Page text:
Quintus Horatius Flaccus (65 - 8 BC), known in the English-speaking world as Horace, was the leading Roman lyric poet during the time of Augustus, the first Roman Emperor; thus, his career coincided with Rome's momentous change from a republic to an empire. An officer in the republican army defeated at the Battle of Philippi in 42 BC, he was befriended by Octavian's right-hand man in civil affairs, Maecenas, and became a spokesman for the new regime. For some commentators, his association with the regime was a delicate balance in which he maintained a strong measure of independence, being "a master of the graceful sidestep" (J. Michie, The Odes of Horace, 14).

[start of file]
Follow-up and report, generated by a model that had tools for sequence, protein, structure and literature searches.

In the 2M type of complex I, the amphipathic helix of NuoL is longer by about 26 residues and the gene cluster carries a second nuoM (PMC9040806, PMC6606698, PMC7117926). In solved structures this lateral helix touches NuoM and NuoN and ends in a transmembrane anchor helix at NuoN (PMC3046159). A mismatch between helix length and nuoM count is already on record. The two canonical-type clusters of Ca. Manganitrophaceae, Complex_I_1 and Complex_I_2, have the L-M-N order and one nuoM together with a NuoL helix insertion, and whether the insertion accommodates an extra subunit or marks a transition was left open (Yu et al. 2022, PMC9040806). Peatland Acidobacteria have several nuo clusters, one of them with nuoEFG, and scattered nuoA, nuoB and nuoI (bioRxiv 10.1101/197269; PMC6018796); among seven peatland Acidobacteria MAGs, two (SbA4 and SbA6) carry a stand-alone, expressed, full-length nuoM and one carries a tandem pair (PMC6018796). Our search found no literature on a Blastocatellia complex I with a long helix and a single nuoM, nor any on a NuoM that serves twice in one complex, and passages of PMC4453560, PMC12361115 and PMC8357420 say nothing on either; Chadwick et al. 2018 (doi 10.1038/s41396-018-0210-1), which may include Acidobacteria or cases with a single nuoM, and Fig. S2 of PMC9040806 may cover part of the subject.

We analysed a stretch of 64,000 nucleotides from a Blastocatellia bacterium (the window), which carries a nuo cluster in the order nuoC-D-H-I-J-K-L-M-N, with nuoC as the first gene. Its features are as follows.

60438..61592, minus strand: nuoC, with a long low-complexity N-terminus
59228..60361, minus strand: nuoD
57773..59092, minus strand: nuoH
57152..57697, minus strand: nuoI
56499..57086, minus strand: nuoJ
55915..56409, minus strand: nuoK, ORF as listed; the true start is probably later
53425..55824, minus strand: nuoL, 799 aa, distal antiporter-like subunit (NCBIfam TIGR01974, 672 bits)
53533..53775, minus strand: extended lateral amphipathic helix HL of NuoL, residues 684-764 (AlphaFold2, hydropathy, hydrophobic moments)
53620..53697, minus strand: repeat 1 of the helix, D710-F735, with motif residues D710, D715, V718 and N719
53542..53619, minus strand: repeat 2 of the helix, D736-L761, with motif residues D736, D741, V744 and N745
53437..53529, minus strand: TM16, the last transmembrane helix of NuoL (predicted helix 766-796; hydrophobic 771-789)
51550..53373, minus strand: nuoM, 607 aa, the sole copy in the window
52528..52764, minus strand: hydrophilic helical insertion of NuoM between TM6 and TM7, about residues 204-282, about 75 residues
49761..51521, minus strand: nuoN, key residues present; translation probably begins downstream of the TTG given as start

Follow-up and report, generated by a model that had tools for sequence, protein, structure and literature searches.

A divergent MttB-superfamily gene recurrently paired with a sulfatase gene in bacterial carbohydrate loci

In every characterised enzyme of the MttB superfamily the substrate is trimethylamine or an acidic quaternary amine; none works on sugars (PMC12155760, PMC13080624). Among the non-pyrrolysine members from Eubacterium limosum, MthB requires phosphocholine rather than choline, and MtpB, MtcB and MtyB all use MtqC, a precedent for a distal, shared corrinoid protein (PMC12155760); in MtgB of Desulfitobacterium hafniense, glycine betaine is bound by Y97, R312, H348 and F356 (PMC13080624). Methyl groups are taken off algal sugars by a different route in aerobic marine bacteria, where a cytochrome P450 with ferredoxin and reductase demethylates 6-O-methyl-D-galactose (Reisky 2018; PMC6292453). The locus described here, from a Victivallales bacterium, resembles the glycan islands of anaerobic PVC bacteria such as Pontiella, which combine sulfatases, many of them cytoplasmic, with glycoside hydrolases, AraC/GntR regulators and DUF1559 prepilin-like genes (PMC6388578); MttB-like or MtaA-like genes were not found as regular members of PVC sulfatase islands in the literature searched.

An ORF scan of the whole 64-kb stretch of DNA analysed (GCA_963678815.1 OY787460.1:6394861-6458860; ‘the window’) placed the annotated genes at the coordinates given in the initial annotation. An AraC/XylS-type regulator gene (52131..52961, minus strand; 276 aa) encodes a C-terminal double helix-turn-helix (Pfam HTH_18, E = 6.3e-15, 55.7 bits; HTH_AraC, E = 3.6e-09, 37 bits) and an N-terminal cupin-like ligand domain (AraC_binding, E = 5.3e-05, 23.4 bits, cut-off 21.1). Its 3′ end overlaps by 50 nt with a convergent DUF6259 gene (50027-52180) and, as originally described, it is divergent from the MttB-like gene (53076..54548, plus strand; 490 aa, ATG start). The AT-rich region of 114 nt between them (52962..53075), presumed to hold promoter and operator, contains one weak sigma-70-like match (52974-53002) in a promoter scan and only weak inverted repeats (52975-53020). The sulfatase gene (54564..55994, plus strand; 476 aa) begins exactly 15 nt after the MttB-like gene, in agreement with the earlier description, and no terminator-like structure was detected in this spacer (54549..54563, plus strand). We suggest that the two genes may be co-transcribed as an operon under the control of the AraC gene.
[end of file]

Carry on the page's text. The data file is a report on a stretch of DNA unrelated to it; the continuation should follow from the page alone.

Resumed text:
Horace is best known today for his Odes, which express ordinary thoughts and sentiments with a deceptive finality and simplicity, covering a wide range of subjects – Love, Friendship, Wine, Religion, Morality, Patriotism; poems of eulogy to Augustus and his relations; and a miscellany of topics and incidents, including the uncertainty of life, the cultivation of tranquility, contentment, and moderation (or the aurea mediocritas, i.e. "the golden mean"). Alexander Pope said of the Horatian Odes: "What oft was thought, but ne'er so well expressed." The rhetorician Quintilian regarded his Odes as just about the only Latin lyrics worth reading, saying: "He can be lofty sometimes, yet he is also full of charm and grace, versatile in his figures, and felicitously daring in his choice of words." The Odes were developed as a conscious imitation of the short lyric poetry of the 7th and 6th centuries BC (such as Pindar and Sappho).